Political problems with the Great British Class Survey

The results of the BBC-sponsored ‘Great British Class Survey’ were widely publicized yesterday (see the footnote for the academic study on which they are based, and a link).[1] The chief claims are that the layperson’s subdivision of British society into upper, middle, and lower classes is out of date, and that the people exhibiting qualities associated with those classes make up less than half of the current British population. In place of the tripartite system we should establish a seven-part division of society (the seven types are described here) in which the traditional working class is disappearing and the population is largely made up of shades of middle-class experience. It is no surprise that this research should have been commissioned at the present moment of political and economic history (i.e. the Thatcherite epoch), and while surely not deliberate, it is a sickening irony that the diverting and soothing check-your-own-class online questionnaire should have been made public only two days after the government’s apocalypse of the British welfare system.

Many people on Facebook and Twitter have already observed that, if you tweak your answers a little this way and that, particularly concerning which cultural forms interest you, your class diagnosis can fly widely from low to high. I’m not so interested in this diagnostic failure of what is in any case a crude questionnaire (I’ll give the researchers credit for a much more sophisticated interpretation of contextual information than this simple tool allows), and will instead focus, in three short companion blogposts, on just three problems that I see circulating around it

  1. It represents a tendentious interpretation of the material experience of contemporary Britons;
  2. It obscures the role of exploitation in society;
  3. It demonizes counter-cultural forms of thought and feeling.

But before I start with these three points, the reason for this widely observed problems with the diagnostic tool should be explained. It is because there is a decisive methodological problem with the study, which purports to offer an answer to questions such as ‘What social status is an academic?’ by focusing on three ‘capitals’: social, cultural, and economic. The professed aim is to produce a more nuanced picture of class reality than a simple focus on the economics would do. To determine the status of an academic, then, it asks questions about social contact. Which people do you know? Cleaners? Accountants? Academics? If you tick ‘university lecturer’, you will find that the measure of the social status of your friends rises to the highest level. This might seem an unproblematic assumption: surely academics are of a high social status. But isn’t this what the methodology is meant to be determining? The assumed high status of academics is then fed into the calculation of the social capital of the individual (the academic) doing the questionnaire, and the outcome will be a nuanced picture of the social status of that individual (that academic). There is, in short, a circularity to the investigation. Certain jobs are assumed to be fixed to certain social statuses, and they cannot be statuses that have been determined by this methodology, because the methodology requires them to be in place already at the start. Identical problems exist with the cultural-capital questions, which assume that certain cultural forms are inextricably linked with certain social statuses. I’ll return to these later. But the tests for both social and cultural capital are so circular that they distort the outcome of the investigation. They should be removed, to leave only the measure of economics (suddenly the seven class types then begin to seem more accurate). Incidentally, I know four academics, all from working-class backgrounds, all earning more or less the same amount, who have done the test. Their results came out as ‘elite’, ‘established middle class’, ‘new affluent workers’, and ‘emergent service workers’ depending on the friends or cultural interests they admitted to. There’s no way that this methodology can reliably determine such a wide range of outcomes when the outcome is already assumed from the start.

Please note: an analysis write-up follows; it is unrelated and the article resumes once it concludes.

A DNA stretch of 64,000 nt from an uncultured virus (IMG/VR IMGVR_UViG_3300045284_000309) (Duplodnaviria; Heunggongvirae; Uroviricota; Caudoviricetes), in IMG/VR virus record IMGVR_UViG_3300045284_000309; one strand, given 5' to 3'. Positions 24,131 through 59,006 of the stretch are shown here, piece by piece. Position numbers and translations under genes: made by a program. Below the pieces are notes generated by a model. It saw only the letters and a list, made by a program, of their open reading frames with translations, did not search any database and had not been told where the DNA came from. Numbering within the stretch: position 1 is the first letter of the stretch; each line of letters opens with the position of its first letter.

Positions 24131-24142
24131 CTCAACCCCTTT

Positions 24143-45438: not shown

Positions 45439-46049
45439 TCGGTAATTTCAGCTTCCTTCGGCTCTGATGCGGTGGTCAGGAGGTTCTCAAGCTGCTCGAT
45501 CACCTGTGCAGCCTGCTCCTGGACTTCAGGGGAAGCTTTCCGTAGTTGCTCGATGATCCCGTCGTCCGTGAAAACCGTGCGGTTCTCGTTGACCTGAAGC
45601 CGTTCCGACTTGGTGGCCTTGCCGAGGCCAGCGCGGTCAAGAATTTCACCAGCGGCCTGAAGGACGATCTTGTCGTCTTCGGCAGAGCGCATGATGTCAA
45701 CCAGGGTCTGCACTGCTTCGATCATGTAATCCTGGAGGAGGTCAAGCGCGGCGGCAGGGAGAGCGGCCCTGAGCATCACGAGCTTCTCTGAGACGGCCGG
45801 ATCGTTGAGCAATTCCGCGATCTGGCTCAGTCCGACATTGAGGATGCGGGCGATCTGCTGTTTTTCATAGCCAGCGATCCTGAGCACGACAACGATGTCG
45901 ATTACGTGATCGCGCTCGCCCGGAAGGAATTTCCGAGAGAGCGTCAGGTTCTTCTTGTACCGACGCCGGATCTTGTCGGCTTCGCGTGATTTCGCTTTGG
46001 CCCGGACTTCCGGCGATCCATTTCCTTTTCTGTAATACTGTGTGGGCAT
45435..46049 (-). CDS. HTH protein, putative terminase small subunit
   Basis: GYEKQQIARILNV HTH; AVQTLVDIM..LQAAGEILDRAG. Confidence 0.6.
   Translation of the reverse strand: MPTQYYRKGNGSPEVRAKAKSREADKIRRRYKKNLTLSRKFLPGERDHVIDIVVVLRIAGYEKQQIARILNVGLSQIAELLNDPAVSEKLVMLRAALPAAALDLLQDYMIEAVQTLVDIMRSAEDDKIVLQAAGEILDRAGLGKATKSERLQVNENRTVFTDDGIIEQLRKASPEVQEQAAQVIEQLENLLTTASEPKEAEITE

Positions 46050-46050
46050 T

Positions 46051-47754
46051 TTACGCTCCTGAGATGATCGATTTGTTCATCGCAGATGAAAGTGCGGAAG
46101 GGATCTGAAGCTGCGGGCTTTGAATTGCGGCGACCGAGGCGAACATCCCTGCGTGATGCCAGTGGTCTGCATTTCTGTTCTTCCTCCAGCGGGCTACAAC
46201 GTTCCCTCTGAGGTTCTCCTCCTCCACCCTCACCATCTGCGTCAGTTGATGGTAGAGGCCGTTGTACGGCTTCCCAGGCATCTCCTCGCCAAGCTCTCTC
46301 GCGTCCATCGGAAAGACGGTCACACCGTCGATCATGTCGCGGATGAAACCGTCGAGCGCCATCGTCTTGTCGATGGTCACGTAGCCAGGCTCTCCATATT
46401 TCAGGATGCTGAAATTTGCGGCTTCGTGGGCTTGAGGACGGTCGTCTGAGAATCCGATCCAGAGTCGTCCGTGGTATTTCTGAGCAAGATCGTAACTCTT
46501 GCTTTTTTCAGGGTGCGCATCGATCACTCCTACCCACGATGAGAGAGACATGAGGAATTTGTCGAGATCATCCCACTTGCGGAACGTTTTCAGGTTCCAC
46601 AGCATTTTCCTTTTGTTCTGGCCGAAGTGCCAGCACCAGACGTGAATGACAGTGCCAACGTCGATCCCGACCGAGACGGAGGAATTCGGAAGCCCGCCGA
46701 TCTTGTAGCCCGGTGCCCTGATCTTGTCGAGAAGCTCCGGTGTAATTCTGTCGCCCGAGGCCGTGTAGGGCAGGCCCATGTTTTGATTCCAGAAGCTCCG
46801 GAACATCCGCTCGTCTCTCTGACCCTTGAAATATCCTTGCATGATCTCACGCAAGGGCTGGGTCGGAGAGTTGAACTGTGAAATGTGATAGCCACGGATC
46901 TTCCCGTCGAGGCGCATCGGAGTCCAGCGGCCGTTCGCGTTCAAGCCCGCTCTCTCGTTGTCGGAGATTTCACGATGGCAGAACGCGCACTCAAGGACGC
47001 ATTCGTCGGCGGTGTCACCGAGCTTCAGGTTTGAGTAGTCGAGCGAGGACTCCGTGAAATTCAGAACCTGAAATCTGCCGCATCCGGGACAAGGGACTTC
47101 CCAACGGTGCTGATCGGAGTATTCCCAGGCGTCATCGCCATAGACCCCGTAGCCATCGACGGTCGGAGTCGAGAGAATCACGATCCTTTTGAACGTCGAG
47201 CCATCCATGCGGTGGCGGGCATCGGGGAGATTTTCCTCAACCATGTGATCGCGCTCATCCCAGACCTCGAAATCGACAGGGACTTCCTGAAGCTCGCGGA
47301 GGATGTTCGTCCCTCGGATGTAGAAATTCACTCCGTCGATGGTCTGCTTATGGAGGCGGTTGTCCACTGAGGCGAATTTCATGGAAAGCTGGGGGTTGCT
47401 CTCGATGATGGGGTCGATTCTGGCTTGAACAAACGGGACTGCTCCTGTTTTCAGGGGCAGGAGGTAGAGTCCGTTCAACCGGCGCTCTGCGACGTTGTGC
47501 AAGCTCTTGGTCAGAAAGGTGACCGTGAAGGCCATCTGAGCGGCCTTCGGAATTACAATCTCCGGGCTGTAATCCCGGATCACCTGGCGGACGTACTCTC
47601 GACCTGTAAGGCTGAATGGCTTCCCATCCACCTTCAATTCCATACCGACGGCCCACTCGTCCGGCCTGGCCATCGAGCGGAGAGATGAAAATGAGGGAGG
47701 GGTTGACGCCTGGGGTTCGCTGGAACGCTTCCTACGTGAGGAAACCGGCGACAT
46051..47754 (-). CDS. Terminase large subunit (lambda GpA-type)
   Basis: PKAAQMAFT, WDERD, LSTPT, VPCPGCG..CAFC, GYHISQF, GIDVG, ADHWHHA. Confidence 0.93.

On, then, to the first of the three main problems with this study: its tendentious outline of the material reality of contemporary Britain. [Click here]


  1. Mike Savage, et al., ‘A New Model of Social Class: Findings from the BBC’s Great British Class Survey Experiment’, Sociology (pre-print), available here.  ↩
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2 comments

  1. Hi